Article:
This is a guest post by Sonja Antell of Action Learning Associates.
I spent a fruitful Saturday morning last week, at my CIPD branch event – where a surprisingly large number of us came together to look at workplace resilience from Michele Grant of Rising Minds.
After my initial surprise – and clearly that of the organisers – that almost 100 people turned up on a sunny Saturday in the Chilterns – the session went really well.
A mindful exercise
Michele drew on work from Daniel Goleman, well known for his writing on emotional intelligence and asked us to do a mindful exercise looking at a recent difficulty, what feelings it evoked in us, what thoughts we had about ourselves and locating the feelings in the body. We put the exercise away – and interestingly returned to it later…
Michele talked eloquently of David Rock’s work on what can hinder our resilience at work, what our individual triggers may be and how they might trip us into an unconscious, less helpful response. Clearly day to day we need to manage many things unconsciously, but as leaders, other interactions in organisations need to be managed more mindfully and therefore more skilfully.
David Rock developed the SCARF model, as a way to look at what reduces our resilience in the workplace. The acronym refers to individual triggers of certain types:
Status – our perceived importance in relation to others
Certainty – the extent to which we can be sure of what will happen or how we deal with ambiguity
Autonomy – to what extent we have a sense of control over others
Relatedness – the extent to which we feel a sense of belonging, team or safety with others
Fairness – our perception of what is reasonable between people
While this model is a useful tool to look at motivators at work, it can also enhance our sense of self and improve our ability to relate to others, especially when under pressure.
The work on resilience described by Michele encourages us to become more mindful, in the moment, to slow down as managers and to fully notice our responses. Any one of these motivators can also act as triggers, leading us to react rather than respond.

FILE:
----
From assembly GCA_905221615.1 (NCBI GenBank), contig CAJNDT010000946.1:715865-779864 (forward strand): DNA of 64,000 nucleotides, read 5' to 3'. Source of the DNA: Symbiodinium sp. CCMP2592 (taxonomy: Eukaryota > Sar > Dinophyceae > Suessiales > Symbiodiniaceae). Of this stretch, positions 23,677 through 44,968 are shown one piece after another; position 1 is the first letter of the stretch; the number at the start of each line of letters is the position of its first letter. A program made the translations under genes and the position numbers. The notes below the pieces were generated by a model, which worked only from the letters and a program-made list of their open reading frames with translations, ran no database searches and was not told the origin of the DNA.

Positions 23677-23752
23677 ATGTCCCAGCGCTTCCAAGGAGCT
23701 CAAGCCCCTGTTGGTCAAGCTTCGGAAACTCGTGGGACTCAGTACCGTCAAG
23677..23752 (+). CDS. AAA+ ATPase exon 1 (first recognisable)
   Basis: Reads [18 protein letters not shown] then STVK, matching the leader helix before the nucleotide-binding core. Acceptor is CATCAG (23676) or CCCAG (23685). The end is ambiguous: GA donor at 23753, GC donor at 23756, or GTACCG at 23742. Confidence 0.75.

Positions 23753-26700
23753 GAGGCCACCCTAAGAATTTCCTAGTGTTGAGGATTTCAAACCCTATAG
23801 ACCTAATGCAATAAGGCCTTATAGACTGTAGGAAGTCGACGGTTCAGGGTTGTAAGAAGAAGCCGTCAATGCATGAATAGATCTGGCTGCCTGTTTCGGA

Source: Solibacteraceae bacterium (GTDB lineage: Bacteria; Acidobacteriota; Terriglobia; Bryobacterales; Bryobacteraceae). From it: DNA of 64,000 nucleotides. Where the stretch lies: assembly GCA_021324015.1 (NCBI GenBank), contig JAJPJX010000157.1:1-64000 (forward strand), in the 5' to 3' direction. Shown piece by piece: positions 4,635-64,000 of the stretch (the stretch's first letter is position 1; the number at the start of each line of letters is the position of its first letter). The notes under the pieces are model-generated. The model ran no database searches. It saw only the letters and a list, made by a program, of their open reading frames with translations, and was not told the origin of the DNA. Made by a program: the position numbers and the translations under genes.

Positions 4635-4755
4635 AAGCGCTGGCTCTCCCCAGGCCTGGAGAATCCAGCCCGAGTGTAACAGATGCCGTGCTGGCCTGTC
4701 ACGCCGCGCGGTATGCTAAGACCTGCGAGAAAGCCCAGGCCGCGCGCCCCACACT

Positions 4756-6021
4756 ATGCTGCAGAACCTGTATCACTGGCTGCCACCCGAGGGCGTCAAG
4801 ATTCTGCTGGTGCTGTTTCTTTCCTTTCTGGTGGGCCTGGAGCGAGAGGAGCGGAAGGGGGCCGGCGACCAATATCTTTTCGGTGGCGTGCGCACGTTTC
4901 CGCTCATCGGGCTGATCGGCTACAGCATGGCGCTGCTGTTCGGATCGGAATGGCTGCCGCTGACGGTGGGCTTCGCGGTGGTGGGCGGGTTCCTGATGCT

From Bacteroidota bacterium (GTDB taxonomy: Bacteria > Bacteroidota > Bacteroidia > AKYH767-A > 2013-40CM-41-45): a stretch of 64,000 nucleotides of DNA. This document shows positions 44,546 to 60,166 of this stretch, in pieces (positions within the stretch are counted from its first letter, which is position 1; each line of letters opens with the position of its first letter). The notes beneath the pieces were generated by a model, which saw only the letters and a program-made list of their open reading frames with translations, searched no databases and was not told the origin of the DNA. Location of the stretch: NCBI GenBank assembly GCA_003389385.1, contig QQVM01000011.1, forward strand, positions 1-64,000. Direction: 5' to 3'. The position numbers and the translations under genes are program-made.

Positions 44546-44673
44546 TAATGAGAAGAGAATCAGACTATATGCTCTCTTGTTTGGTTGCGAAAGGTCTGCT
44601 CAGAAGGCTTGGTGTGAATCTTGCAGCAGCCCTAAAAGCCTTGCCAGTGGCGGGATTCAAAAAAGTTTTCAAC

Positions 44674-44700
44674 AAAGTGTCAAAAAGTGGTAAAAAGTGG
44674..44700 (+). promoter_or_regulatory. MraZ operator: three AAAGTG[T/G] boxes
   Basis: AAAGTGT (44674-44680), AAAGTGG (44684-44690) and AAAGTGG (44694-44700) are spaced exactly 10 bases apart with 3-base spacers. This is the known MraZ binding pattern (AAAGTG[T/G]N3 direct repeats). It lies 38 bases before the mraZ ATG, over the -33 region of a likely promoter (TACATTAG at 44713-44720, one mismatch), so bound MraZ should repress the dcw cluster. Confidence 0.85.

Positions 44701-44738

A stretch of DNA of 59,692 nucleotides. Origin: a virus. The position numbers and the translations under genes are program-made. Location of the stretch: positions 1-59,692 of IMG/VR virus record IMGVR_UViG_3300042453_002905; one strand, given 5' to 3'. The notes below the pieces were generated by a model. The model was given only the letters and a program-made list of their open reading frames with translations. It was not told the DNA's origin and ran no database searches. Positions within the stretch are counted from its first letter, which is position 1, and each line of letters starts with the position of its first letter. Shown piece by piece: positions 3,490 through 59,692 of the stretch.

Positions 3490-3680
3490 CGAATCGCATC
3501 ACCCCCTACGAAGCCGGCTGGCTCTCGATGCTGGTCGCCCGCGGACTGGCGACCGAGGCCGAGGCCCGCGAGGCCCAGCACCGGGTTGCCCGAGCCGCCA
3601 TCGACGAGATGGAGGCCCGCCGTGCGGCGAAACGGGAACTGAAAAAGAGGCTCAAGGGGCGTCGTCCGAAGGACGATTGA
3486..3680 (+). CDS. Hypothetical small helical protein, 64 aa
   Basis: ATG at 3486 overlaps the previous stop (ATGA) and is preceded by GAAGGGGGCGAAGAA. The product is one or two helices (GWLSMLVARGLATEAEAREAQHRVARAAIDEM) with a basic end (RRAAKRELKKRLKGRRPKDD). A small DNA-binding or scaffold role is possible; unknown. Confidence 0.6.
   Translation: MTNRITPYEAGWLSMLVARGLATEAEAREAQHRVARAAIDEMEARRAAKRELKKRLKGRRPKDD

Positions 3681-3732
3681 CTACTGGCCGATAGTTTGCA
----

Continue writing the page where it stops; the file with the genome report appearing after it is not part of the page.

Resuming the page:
Fast and slow thinking
This also chimes with the work of Daniel Kahnemann on thinking fast and thinking slow. His books sell well at the moment in stations and airports –perhaps in an attempt to capture people while travelling, to prompt them to pause and think about what is done naturally, and quite rightly on automatic pilot – “fast” thinking, and then what needs to be done in a slower and more reflective mode.
We returned to our exercise and after some mindful reflection on the difficulty we had identified, looked again at the feelings it evoked, the thoughts it created about ourselves and our emotional response. I certainly saw my difficulty in a spacious and more generous way and as a result it seemed to be more of an interesting event than a slightly distressing issue.
This all caused me to reflect on when we run action learning sets in the workplace. By encouraging participants to slow down and reflect on the open questions they receive from the set, people consider an issue in a deeper way than they have previously had the space to.
This supports leaders in identifying when they make unconscious motivations and responses and pausing long enough to consider alternative, more conscious ways of interacting. This experience in itself is empowering, as participants go through a thought process that is solution focused, thus building resilience.
The individual exercise we did on that busy Saturday morning was a similar experience for me as being in an action learning set. It is encouraging to see so much recognition now of the value of mindful responses in the workplace and as leaders. A Saturday morning well spent indoors despite the rare sunshine!